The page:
If you are looking for more information on how to increase your writing skills, we would be happy to help you at the Academy of Learning Edmonton West located at The Marketplace at Callingwood. We have many short courses you can take that will teach you the finer points of creating documents, punctuation and writing skills as well as grammar. We are here to see you be successful!

We look forward to seeing you soon. Call us today at 780-496-9428.

Farmers’ Markets Rock!

There are just so many reasons to shop at a farmer’s market, it’s hard to put them all into one list. I’ve done my best to scale it down to a list of 10!

  1. Farm fresh foods: Unlike fruits and veggies in the supermarket, you know that the produce at the farmer’s market is fresh picked – likely within 24 hours!
  2. Organic and non-GMO foods: Farmers’ markets feature the finest of locally grown, fresh, non-GMO, organic produce and meats which is better for the soil, the environment, and your body!
  3. Seasonal foods: Seasonal eating is believed by many scientists and nutritionists to be much better for your body, because the human body is meant to eat foods in season, near where they live as have our ancestors. Also – eating produce in season only makes sense with lighter fruits and vegetables available in the spring and summer, and heartier winter vegetables like squash and parsnips providing sustenance for the cooler fall and winter months.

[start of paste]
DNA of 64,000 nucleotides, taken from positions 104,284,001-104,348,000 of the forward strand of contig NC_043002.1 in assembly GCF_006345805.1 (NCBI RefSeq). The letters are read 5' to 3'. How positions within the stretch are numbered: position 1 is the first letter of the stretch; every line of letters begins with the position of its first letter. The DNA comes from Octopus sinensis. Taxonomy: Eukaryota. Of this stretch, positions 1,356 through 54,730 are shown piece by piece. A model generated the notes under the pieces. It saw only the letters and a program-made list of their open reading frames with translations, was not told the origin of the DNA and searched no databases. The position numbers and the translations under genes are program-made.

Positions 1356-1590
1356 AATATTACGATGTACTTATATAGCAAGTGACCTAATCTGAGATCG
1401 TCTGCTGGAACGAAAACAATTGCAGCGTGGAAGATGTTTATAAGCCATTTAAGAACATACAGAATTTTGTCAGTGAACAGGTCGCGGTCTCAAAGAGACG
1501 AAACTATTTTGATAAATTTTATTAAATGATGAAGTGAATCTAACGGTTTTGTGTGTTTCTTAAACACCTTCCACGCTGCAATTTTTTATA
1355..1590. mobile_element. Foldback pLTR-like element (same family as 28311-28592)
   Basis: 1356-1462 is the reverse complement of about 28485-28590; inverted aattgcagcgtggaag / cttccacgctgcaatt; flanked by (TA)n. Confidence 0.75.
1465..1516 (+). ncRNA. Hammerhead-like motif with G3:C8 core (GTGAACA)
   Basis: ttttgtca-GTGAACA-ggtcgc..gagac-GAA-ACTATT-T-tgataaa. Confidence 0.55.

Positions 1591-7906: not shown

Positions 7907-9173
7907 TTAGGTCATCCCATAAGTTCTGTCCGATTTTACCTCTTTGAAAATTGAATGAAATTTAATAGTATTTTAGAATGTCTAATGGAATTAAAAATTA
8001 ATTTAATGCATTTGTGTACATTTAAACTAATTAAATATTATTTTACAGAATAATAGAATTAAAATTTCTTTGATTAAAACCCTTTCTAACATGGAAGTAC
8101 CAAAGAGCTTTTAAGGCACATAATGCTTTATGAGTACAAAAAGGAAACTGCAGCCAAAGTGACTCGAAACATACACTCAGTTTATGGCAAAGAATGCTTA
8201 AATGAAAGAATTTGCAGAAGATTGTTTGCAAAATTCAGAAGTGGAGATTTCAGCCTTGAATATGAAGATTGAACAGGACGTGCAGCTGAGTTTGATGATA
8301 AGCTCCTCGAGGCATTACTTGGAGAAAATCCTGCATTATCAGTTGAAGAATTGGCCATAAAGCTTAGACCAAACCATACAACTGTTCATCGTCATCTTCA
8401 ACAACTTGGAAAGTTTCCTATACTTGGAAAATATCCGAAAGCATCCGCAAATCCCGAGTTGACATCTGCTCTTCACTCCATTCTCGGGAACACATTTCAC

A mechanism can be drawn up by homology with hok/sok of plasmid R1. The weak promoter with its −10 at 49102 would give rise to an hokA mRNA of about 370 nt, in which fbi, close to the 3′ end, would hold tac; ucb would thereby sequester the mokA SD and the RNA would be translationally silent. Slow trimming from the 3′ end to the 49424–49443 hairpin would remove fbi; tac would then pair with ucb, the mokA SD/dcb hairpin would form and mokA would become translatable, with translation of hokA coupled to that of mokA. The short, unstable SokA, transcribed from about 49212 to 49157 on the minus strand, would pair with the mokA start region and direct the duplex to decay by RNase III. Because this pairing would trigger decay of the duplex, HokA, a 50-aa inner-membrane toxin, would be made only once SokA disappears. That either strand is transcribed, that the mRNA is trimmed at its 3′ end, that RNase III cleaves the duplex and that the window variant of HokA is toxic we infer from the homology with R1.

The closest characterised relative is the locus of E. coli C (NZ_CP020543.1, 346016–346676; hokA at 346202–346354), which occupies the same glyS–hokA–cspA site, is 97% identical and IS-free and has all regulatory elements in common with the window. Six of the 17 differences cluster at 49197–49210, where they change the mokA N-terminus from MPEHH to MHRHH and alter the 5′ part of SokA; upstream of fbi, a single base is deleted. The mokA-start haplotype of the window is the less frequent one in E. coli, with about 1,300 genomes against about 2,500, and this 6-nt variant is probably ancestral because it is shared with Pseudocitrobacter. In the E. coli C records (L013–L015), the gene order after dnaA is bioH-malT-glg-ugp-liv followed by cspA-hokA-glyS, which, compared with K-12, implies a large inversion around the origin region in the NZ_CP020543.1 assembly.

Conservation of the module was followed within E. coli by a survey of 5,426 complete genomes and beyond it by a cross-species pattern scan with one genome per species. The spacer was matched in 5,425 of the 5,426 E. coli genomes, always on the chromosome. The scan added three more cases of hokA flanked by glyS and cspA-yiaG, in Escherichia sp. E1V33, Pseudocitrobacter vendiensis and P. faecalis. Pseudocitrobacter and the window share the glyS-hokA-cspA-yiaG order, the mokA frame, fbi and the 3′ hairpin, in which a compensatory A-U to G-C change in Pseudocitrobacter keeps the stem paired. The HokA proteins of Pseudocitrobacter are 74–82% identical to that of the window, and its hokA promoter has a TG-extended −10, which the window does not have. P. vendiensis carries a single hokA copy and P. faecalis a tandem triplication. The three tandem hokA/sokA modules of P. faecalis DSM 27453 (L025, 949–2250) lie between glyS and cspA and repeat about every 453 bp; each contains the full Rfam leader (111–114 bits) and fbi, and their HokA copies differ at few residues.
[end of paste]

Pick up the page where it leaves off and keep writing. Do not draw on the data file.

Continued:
4. Ripeness: Farmer’s market produce is generally picked at the height of ripeness when the plants’ natural sugars are at their peak – making the food not only taste better, but it also providing the best nutrition possible.
  5. Affordability: Farmer’s market produce is an excellent value for the nutrition. Supermarkets generally charge a premium for organic fruits and vegetables however at the farmer’s market, they are typically not much more expensive than conventionally grown produce.
  6. Variety: Unlike larger, more industrial farms that supply large supermarket chains, smaller, local farms tend to offer a larger array of produce. Remember what they taught us in school – eat the rainbow!
  7. Support for local economy: Most vendors at a farmer’s market are local and grow their produce within 100 miles of it. This means that the farms are a source of local jobs and likely to spend money they make on their produce in the local economy.